3. Distinguish between a sample and a population.
    4. Recognize when it is, and is not, appropriate to use sample data to infer information about a population.
    5. Recognize that not every association implies causation.
    6. Identify potential confounding variables in an observational study.
    7. Distinguish between an observational study and a randomized experiment.
    8. Recognize that only randomized experiments can lead to claims of causation and explain why randomization is important for causality.
    9. Explain how and why placebos and blinding are used in experiments.
    10. Distinguish between a completely randomized experiment and a matched pairs experiment.
    11. Design and implement a basic randomized experiment.
  2. Exploratory Data Analysis: By the end of the course you should be able to...
    1. Create (with technology) and interpret a dotplot, boxplot, or histogram, and side-by-side dotplots, boxplots, or histograms.
    2. Calculate (with technology) and interpret summary statistics for a quantitive variable, including mean, median, standard deviation, five number summary, range, and IQR, and be able to calculate and compare these within groups.
    3. Compute and interpret a z-score for an individual value.
    4. Interpret percentiles.
    5. Create (with technology) a scatterplot between two quantitative variables, and use the plot to describe the association.
    6. Explain what a positive or negative association means between two quantitative variables.
    7. Calculate (with technology) and interpret a correlation.
    8. Identify outliers (informally or formally) and explain how they effect different statistics.
    9. Realize that it is important to plot your data if any variables are quantitative.
    10. Create (with technology) bar graphs and side-by-side or segmented bar graphs for categorical variables.
    11. Create a frequency, relative frequency, or two-way table to summarize categorical variables.
    12. Use a frequency, relative frequency, or two-way table to calculate proportions, difference in proportions, odds, and odds ratios.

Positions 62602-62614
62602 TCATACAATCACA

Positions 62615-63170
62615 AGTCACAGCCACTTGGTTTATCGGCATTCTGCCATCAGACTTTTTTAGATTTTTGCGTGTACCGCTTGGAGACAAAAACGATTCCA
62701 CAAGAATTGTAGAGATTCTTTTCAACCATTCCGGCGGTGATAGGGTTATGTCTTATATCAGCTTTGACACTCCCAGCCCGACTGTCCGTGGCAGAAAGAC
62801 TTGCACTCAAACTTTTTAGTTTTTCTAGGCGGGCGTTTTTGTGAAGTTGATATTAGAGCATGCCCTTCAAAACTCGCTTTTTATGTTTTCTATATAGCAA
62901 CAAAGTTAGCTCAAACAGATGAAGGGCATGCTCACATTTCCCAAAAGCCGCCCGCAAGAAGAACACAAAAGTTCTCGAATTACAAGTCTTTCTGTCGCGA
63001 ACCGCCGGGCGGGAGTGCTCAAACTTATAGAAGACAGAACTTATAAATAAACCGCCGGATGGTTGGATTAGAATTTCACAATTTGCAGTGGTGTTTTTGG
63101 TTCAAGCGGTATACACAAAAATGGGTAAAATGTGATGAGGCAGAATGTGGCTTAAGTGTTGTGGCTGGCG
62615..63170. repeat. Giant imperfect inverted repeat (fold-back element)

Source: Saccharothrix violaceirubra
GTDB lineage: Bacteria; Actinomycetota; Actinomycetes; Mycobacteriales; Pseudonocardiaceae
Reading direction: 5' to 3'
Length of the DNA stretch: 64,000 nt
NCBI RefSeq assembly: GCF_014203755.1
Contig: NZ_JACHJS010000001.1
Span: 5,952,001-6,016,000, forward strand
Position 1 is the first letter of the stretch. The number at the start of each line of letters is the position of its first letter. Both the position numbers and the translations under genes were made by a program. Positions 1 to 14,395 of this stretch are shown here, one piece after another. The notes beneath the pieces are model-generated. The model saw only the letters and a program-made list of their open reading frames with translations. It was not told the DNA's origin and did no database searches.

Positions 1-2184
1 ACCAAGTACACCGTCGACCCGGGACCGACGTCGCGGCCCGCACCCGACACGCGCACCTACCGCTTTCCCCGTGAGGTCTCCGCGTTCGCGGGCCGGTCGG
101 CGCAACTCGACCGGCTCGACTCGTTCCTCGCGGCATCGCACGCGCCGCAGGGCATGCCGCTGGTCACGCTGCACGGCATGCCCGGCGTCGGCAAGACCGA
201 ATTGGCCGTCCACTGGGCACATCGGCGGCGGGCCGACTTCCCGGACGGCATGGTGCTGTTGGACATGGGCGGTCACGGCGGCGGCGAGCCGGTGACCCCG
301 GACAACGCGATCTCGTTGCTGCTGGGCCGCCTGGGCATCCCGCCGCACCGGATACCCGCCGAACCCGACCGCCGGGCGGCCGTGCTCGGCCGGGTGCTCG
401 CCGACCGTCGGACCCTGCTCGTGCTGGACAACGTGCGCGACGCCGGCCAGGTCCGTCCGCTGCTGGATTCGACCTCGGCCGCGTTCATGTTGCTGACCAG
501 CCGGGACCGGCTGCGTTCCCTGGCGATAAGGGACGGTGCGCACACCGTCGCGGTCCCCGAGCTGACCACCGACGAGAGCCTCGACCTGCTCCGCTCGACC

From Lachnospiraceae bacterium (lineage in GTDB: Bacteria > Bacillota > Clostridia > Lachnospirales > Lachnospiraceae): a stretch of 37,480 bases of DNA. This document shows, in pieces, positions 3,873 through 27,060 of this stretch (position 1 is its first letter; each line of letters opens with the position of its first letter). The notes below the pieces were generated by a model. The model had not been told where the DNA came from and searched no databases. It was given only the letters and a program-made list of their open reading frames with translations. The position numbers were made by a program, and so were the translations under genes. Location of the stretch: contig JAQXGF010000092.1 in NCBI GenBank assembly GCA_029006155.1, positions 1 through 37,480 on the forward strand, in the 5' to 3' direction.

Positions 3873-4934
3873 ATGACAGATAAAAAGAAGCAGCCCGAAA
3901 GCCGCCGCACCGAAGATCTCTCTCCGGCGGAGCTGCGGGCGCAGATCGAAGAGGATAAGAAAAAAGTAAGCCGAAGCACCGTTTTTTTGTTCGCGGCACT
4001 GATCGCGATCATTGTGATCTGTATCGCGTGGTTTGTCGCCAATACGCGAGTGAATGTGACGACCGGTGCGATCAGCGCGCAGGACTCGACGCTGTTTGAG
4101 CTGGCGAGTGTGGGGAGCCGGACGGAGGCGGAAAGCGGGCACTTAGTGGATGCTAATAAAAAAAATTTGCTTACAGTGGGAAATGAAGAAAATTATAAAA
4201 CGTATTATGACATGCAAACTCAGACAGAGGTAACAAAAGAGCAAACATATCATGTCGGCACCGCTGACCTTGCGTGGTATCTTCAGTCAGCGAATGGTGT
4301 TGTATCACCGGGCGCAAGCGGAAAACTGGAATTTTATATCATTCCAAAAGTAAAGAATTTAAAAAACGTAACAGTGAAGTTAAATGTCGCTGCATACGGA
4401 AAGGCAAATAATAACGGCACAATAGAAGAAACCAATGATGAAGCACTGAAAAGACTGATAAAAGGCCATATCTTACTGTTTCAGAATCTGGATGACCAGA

13. Determine an appropriate numerical summary statistic(s) and visualization for any one or two variables being analyzed.
    14. Appreciate the power of data visualization for more than two variables.
  3. Estimation: By the end of the course you should be able to...
    1. Distinguish between a population parameter and a sample statistic, recognizing that a parameter is fixed while a statistic varies from sample to sample.
    2. Determine and define an appropriate parameter of interest, based on a question.
    3. Compute a point estimate for a parameter using an appropriate statistic from a sample.
    4. Recognize that a sampling distribution shows how sample statistics tend to vary, but that in reality a sampling distribution can never be obtained in situations where estimation is needed.
    5. Recognize that statistics from random samples tend to be centered at the population parameter.
    6. Explain how to generate a bootstrap distribution for a given sample and statistic.
    7. Use technology to generate a bootstrap distribution, and recognize that it will be centered around the sample statistic.
    8. Demonstrate an understanding of standard error as the standard deviation of the statistic.
    9. Calculate a standard error from a bootstrap distribution (using technology), and from a formula for means, difference in means, proportions, and difference in proportions.
    10. Recognize that a confidence interval will capture the true parameter for the specified percentage of all random samples.
    11. Use a bootstrap distribution to construct a 95% confidence interval using the formula statistic +- 2xSE.
    12. Use a bootstrap distribution to construct a confidence interval using percentiles of the bootstrap distribution.
    13. Use the normal or t-distribution to construct a confidence interval for a mean, proportion, difference in means, difference in proportions, or correlation using technology.
    14. Use the normal or t-distribution and the standard error formulas to constuct a confidence interval using the formula statistic +- z*xSE for proportions and difference in proportions or statistic +- t*xSE for means, difference in means, and slope.
    15. Interpret a confidence interval in context.
    16. Explain how sample size affects standard error and the width of a confidence interval.
    17. Demonstrate an understanding of the central limit theorem.
    18. Determine whether the conditions are met for the chosen method to be valid.
  4. Testing: By the end of the course you should be able to...
    1. Recognize when and why statistical tests are needed.
    2. Specify null and alternative parameters based on a question of interest, defining relevant parameters.
    3. Demonstrate an understanding of the concept of statistical significance.